How can the seemingly divergent needs be brought to a common and acceptable denominator? How can a widening rift among generations and demographics be healed?

Standoffs lead to strife and unhappiness, but understanding the deeper currents flowing through our community, will lead to compromise, writ large. 

The “old elderly” among us need to lead the way, accepting, if not embracing the march of time and the sense of a certain displacement, while the young and semi-retired residents would do well, recognizing the conflict existing and, therefore, tempering their enthusiasm for a recreated future. 

Understanding of the inherent anxieties leads to compromise and acceptance of each other’s needs and wishes.

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  1. Lyn Cramer on August 10, 2019 at 10:18 am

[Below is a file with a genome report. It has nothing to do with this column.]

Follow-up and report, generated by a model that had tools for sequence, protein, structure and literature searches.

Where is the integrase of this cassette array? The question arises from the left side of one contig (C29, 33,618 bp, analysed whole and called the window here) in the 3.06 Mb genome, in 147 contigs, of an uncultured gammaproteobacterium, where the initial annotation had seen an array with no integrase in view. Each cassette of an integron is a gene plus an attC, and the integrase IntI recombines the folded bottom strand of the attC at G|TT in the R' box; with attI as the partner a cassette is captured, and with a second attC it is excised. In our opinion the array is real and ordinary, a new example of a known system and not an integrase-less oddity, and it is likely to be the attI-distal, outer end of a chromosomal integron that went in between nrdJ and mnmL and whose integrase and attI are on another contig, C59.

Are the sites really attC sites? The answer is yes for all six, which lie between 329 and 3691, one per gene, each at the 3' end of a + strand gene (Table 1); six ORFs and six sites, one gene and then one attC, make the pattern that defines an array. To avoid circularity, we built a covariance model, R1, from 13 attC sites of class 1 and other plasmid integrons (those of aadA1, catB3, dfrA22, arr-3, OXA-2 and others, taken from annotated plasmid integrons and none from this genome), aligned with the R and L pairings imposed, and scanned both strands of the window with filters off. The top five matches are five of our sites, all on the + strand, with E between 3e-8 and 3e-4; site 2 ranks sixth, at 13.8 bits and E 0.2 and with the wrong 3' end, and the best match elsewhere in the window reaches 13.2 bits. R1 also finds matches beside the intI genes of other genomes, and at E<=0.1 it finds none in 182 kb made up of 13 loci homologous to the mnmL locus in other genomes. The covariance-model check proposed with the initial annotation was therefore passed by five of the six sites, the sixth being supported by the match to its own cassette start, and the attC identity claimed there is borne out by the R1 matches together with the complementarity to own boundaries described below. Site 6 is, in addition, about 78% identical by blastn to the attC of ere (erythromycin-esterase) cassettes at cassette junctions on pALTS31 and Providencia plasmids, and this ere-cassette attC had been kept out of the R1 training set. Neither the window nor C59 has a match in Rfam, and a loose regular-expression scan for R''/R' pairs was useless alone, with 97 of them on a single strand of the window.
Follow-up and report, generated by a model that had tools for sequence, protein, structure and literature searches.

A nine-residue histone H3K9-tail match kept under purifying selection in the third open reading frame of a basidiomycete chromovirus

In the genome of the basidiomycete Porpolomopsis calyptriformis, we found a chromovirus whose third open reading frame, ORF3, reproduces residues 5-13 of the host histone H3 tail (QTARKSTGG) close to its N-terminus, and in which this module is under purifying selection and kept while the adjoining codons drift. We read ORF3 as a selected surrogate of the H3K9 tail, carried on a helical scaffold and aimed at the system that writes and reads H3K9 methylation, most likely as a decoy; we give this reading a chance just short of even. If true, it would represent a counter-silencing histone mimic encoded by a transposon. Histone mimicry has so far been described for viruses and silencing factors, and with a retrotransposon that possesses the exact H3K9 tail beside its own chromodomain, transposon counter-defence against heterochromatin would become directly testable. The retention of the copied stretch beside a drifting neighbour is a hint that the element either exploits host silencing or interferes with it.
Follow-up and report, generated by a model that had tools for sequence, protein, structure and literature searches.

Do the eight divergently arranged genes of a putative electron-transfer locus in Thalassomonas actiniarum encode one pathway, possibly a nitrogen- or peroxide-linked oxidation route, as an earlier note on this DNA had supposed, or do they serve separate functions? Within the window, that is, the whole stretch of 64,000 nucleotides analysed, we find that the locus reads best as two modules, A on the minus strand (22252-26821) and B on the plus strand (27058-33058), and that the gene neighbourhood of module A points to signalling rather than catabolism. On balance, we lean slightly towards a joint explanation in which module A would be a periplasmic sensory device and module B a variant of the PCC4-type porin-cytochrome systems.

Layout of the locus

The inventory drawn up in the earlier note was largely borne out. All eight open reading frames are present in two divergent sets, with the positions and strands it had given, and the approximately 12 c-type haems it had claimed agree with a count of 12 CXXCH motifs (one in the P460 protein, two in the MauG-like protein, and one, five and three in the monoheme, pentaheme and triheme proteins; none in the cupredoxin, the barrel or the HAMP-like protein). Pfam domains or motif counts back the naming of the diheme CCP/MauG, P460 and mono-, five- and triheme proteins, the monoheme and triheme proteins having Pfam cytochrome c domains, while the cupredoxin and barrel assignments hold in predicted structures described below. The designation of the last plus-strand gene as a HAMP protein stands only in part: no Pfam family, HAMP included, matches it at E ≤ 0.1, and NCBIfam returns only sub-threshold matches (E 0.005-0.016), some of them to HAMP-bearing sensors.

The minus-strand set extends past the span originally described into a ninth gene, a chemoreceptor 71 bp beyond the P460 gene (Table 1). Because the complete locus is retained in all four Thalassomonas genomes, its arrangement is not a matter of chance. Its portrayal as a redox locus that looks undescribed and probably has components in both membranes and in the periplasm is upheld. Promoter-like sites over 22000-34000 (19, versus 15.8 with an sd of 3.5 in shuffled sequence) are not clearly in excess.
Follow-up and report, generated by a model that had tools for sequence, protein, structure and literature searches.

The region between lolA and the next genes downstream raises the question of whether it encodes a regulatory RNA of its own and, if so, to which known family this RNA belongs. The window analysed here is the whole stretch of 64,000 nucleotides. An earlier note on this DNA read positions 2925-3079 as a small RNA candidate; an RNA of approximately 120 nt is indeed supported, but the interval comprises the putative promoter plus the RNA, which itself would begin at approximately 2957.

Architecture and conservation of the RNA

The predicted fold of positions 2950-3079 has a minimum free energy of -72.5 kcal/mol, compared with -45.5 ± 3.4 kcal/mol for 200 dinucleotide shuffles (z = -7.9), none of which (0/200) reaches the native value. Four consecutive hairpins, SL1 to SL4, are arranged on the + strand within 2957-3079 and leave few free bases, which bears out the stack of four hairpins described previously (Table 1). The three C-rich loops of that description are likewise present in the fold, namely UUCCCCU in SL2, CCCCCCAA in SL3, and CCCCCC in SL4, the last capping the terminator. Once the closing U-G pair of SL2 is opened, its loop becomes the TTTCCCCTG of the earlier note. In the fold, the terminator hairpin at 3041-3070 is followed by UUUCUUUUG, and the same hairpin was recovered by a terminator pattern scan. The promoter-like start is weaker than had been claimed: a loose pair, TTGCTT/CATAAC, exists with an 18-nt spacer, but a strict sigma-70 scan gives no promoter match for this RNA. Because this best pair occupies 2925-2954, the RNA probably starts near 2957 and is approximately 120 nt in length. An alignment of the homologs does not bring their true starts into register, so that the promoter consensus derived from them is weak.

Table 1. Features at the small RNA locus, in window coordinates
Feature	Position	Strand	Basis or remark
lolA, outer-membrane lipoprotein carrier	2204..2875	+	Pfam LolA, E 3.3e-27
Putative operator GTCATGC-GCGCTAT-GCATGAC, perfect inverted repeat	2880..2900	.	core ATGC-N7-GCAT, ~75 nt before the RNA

Yvonne, you are ever a healer and optimist. May your sentiments bear fruit. Though, am I now a member of the “old elderly”? Not a category I willingly embrace. Ugh. Can’t we live with the fantasy that “age is a state of mind”?

  2. Lisa Symonds on August 10, 2019 at 8:11 pm

    I disagree this is a generational division. I purchased my home in 2012 at the age of 55 and was a no voter. Many others young friends I know at Oakmont, many still working, also voted no. As a matter of fact I estimate many of the missing voters or the yes voters may have been folks in their 90s who estimated they will not be around long enough to see dues above $200 a month and have little to lose. They did not want uncertainty and wanted to maintain the current look of Oakmont. Their retirement years are not threatened by this run away train of money mismanagement and lack of assessing financial risks. For the younger generation looking forward to rising healthcare costs, the loss of social security, property tax increases post 2017 fires, rising home insurance costs post fire, inflation….. adding large HOA dues to our future and threatening the value of our significant retirement asset, was difficult to stomach. I was never concerned about the $17 increase to purchase the land but the millions more to maintain it over my lifetime.